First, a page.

Ilana Harris-Babou: Revelations

September 17—December 3, 2022


Ilana Harris-Babou’s solo exhibition Revelations presents recent video installation, collage, and sculpture navigating contradictory desires bound within our all-consuming image culture. Using the aesthetics of advertising and social media DIY influencing within wellness culture, Harris-Babou’s works stage darkly humorous and subversive revelations about material quick-fixes for structural inequities. Rather than offering a critique of biblical proportions, Harris-Babou’s works disclose Black self-determinations. 

In the video installation Decision Fatigue (2020), Harris-Babou’s mother Sheila Harris peddles Amazonian soap, waxing poetic about its healing properties. Installed with unusable ceramic vials of Cheeto serums, jade rollers, and crystals on provisional wooden plinths, the installation exposes our entangled complicity and ecstasy within neoliberal structures designed to exploit our resources and time. Likewise, the artist’s parodically enthusiastic voiceover guides viewers in the video Human Design (2018) through Restoration Hardware-esque designs replete with colonial appropriations of the creative innovations of communities from the Global South. And Harris-Babou’s collages depict white sanitized visions of idealistic home décor, medicinal accoutrement, and modernist architecture. Such works ultimately reveal how unwitting subscriptions to the mechanisms of capitalism lead to both ecstasy and exploitation, challenging viewers to consider how we might instead turn to revelatory critique and collective knowledge-building.

The video installation Leaf of Life (2022), articulates such a complex revelation through the figure of “Dr.” Sebi. Harris-Babou’s latest work features a video installation and  wallpaper lush with fruits and vegetables. The artist’s persona voices over appropriated footage of Black vegan author Rachel Ama’s cooking experience, inflecting both dogmatism and hope into the mediated concoction. Her narration concerning “diet guru” “Dr.” Sebi’s Cell Food system—a gimmick popularized in the 1980s, and which still circulates today within Black communities—meets actual footage with the artist’s sister, who once worked as a medical administrator and shares concern over the misinformation and harm inflicted on her community through this system. But Harris-Babou’s stratified depiction centers Sebi as a complicated figure, whose “contradictory systems of belief address a very real history of exploitation.” Ultimately, the video installation carefully peels away both the band-aid solutions of compounded exploitative industries and individualism for collective trauma in layered revelations.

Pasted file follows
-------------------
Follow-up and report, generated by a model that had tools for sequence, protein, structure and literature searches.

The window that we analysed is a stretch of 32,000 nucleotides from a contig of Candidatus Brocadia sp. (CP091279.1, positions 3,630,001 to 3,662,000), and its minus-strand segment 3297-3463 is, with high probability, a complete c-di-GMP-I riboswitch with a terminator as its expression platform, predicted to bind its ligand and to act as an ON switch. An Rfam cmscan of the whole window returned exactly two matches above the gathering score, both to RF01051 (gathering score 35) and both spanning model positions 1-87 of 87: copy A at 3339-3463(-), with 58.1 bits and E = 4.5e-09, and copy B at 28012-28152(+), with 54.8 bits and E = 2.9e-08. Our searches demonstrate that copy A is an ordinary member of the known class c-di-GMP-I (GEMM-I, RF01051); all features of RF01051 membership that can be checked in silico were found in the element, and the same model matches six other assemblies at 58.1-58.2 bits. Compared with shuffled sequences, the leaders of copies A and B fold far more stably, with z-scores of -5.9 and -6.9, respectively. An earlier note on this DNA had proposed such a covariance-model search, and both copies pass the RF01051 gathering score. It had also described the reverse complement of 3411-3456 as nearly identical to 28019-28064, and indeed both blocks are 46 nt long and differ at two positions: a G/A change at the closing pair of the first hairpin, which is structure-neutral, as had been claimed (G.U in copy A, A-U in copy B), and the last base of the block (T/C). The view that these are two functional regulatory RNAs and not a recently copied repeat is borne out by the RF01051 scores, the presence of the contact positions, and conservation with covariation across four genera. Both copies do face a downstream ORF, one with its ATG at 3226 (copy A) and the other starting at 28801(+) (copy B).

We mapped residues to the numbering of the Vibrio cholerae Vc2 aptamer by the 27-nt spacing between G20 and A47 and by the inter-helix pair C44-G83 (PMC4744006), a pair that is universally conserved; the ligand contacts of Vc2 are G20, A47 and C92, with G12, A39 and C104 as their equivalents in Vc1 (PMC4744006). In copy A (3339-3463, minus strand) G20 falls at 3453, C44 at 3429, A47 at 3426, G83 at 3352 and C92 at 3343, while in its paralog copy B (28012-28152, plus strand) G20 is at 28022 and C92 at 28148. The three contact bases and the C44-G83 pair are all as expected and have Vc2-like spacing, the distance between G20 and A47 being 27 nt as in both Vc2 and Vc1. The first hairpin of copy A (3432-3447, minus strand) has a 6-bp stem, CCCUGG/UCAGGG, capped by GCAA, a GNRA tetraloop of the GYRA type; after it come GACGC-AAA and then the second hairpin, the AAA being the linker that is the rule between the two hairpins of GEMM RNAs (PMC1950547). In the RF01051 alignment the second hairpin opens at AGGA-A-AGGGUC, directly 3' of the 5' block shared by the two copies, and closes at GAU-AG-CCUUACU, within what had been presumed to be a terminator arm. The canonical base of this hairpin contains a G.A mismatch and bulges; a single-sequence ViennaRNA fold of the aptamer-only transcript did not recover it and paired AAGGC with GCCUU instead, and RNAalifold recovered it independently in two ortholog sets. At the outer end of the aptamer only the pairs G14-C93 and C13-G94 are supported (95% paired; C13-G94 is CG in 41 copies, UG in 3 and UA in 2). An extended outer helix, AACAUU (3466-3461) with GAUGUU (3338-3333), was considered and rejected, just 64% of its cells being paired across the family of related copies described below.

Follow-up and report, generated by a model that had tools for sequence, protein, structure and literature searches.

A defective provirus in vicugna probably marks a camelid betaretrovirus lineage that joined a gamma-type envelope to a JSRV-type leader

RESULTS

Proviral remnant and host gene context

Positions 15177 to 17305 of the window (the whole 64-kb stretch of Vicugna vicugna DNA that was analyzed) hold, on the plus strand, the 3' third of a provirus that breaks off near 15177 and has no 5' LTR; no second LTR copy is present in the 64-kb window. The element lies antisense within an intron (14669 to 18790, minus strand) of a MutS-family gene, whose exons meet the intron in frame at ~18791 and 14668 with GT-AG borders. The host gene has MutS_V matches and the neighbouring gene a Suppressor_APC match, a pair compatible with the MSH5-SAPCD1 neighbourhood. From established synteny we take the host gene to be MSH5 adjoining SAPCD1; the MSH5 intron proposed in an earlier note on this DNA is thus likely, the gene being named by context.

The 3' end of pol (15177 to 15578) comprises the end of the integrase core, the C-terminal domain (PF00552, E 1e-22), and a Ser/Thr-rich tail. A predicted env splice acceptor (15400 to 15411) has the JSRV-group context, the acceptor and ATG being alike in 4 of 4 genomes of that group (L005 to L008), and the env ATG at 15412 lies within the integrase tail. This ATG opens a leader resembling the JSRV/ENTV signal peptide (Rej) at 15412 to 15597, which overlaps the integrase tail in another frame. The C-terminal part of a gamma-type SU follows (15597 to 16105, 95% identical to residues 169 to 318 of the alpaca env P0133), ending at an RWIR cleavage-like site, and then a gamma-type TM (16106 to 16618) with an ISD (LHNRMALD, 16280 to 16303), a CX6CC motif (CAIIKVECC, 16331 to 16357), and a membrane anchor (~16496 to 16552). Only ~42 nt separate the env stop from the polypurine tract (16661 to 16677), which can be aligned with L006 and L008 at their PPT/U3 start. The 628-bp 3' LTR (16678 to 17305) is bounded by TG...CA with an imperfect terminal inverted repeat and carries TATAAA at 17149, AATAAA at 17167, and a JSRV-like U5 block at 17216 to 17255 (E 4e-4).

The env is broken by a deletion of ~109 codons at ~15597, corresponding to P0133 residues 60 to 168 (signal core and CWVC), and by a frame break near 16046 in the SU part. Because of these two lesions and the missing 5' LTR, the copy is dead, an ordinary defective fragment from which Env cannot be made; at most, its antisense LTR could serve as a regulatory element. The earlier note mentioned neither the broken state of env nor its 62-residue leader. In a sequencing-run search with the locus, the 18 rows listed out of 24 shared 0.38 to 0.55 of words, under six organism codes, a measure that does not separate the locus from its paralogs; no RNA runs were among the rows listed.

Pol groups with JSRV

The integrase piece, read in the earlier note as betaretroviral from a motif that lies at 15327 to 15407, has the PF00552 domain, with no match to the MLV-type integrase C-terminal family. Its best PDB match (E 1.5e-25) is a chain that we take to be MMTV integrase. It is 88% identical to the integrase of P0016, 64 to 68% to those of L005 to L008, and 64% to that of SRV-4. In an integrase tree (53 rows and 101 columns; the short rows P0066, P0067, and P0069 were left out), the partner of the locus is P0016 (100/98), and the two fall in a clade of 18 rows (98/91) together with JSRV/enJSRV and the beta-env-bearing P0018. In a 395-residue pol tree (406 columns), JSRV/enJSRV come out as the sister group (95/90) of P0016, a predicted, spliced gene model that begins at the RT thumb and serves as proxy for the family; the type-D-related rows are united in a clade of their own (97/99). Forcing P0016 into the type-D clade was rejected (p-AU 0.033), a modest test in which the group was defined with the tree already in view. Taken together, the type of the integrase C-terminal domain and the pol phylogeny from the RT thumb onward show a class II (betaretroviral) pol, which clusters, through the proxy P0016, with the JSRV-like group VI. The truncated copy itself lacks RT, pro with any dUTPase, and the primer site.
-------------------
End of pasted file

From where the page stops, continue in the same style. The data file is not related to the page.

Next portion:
Ilana Harris-Babou: Revelations is accompanied by programs within Artspace New Haven’s larger series expanding, which examines and explores the themes in our exhibitions. For more information, see our calendar at www.artspacenh.org/calendar. The exhibition is also accompanied by a catalog featuring new scholarship, and an interview with the artist.


Ilana Harris-Babou: Revelations is supported by the Andy Warhol Foundation, CT Humanities, Mellon Foundation, and VIA Art Fund. The exhibition is organized by Artspace Director Curatorial Affairs, Laurel V. McLaughlin in dialogue with the artists.

Press

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